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Hip-hop Mogul’s Ad Campaign Fuels Feud Between Groups

The announcement that hip-hop mogul Russell Simmons is spearheading a celebrity-driven campaign to fight antisemitism has triggered a feud between two national Jewish organizations dedicated to promoting tolerance.

At issue is the participation of Simmons in the “I Am a Jew” ad campaign of the Foundation for Ethnic Understanding, a New York-based group founded by Rabbi Marc Schneier that has focused largely on improving black-Jewish relations. The Anti-Defamation League issued a press release this week criticizing Simmons, the legendary recording executive who serves as chairman of the foundation, for failing to publicly distance himself from Nation of Islam leader Louis Farrakhan.

“Despite our meeting and repeated requests over the years, Mr. Simmons has continued to make apologies for Minister Louis Farrakhan and his long record of antisemitism,” ADL national director Abraham Foxman said in the statement. “It is hypocritical for Mr. Simmons to lead a charge against antisemitism while failing to denounce manifestations of anti-Jewish hatred within his own community.”

Foxman noted that, this past December, “in a typical conspiratorial diatribe against Jews, Minister Farrakhan said the war in Iraq was ‘Israel’s war.’ Yet, we have never once heard Mr. Simmons make any attempt to denounce Farrakhan’s antisemitism. Instead, he has continued to make excuses for it, or ignore it entirely.”

The ADL leader called on Simmons to “immediately and publicly distance himself from Minister Farrakhan’s hateful rhetoric.”

Asked Tuesday to comment on the ADL’s statement, Schneier said: “I wouldn’t dignify it. I wouldn’t waste my time.” Some Jewish organization officials have criticized Schneier for meeting with Farrahkhan in June 2001, a private affair arranged by Simmons. Repeated calls to Simmons’s office were not returned.

Simmons, 48, the founder of Def Jam Records, brought hip-hop culture into the American mainstream. He also runs fashion enterprises and has increasingly used his influence to promote various causes, including overturning New York’s punishing drug laws and battling inner-city violence and poverty.

Some of Simmons’s defenders privately described Foxman’s attack as bizarre, and recounted a series of efforts the recording executive and promoter has made on behalf of the Jewish community, including being honored by UJA-Federation of New York, working with the Israeli Consulate in New York and consulting with the American Israel Public Affairs Committee, the pro-Israel lobbying giant in Washington.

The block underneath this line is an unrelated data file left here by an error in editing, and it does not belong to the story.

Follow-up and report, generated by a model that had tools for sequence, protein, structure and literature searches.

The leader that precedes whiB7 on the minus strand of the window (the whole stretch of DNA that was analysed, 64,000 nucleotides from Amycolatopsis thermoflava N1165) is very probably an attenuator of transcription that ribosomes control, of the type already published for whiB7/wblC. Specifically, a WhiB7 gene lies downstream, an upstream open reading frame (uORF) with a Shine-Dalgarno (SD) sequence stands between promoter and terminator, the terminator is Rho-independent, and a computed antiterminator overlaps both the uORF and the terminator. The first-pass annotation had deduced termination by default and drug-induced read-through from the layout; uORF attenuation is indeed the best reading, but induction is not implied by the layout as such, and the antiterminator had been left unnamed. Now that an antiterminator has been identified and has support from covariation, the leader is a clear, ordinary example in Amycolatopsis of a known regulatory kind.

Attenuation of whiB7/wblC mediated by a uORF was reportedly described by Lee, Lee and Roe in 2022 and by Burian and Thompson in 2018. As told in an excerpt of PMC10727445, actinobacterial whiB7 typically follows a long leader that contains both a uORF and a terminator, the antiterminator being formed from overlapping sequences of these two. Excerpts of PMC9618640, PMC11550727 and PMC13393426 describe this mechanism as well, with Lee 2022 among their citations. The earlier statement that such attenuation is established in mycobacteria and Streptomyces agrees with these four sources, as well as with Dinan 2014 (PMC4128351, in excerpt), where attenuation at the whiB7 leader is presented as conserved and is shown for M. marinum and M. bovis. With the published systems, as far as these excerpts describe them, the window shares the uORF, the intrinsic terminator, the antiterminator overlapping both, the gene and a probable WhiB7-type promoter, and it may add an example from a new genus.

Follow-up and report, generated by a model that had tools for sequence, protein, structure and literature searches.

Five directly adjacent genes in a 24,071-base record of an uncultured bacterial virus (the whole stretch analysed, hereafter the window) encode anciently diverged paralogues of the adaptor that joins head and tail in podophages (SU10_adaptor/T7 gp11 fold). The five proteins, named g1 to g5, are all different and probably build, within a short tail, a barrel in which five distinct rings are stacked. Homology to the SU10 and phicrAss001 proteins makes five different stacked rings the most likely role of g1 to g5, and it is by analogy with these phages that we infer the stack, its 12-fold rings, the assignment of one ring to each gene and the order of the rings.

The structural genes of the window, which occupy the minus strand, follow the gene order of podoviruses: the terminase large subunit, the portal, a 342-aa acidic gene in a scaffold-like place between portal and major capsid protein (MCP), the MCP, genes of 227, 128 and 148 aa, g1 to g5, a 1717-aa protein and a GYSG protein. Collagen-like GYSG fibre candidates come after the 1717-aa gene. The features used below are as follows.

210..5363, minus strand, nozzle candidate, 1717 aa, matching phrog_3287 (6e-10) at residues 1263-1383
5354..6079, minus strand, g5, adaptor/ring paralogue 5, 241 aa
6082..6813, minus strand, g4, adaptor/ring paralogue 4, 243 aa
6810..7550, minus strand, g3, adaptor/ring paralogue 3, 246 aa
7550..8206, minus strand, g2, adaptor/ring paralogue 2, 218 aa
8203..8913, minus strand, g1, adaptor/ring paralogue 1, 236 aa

Schneier has said that the genesis of the foundation’s ad campaign was a 2003 meeting of Jewish communal leaders from across the world, in which Nobel laureate Elie Wiesel warned of growing antisemitism in Europe.

Schneier shared Wiesel’s concerns with Simmons, who immediately volunteered to launch a campaign. Celebrities invited to participate include actors Samuel L. Jackson, Denzel Washington, Richard Gere and Leonardo DiCaprio. In addition, MTV and “Entertainment Tonight” have agreed to donate studio space.

The celebrity voices will be translated into French, German and Italian for airing in European nations. The public service spots are expected to be taped next month and could be broadcast by late spring.

The ADL ran a similar “AntiSemitism Is Anti-Me” campaign last year, featuring an Asian boy, a Protestant reverend and model Naomi Campbell denouncing antisemitism as an attack on all minorities. An ADL spokeswoman said that Foxman’s criticisms of Simmons were not related to the similarities between the two campaigns.

Foxman’s attack is not the first time that Simmons has been criticized for his association with Farrakhan. In 2001, Dov Hikind, a New York State Democratic assemblyman, urged candidates to reject Simmons’s support because of his ties to Farrakhan, who had just delivered the keynote address at a rap-music summit sponsored by Simmons.

In response, Simmons issued a release saying: “I have actively encouraged a dialogue between all of the leaders of the African-American and Jewish communities in hopes of improving relations.”


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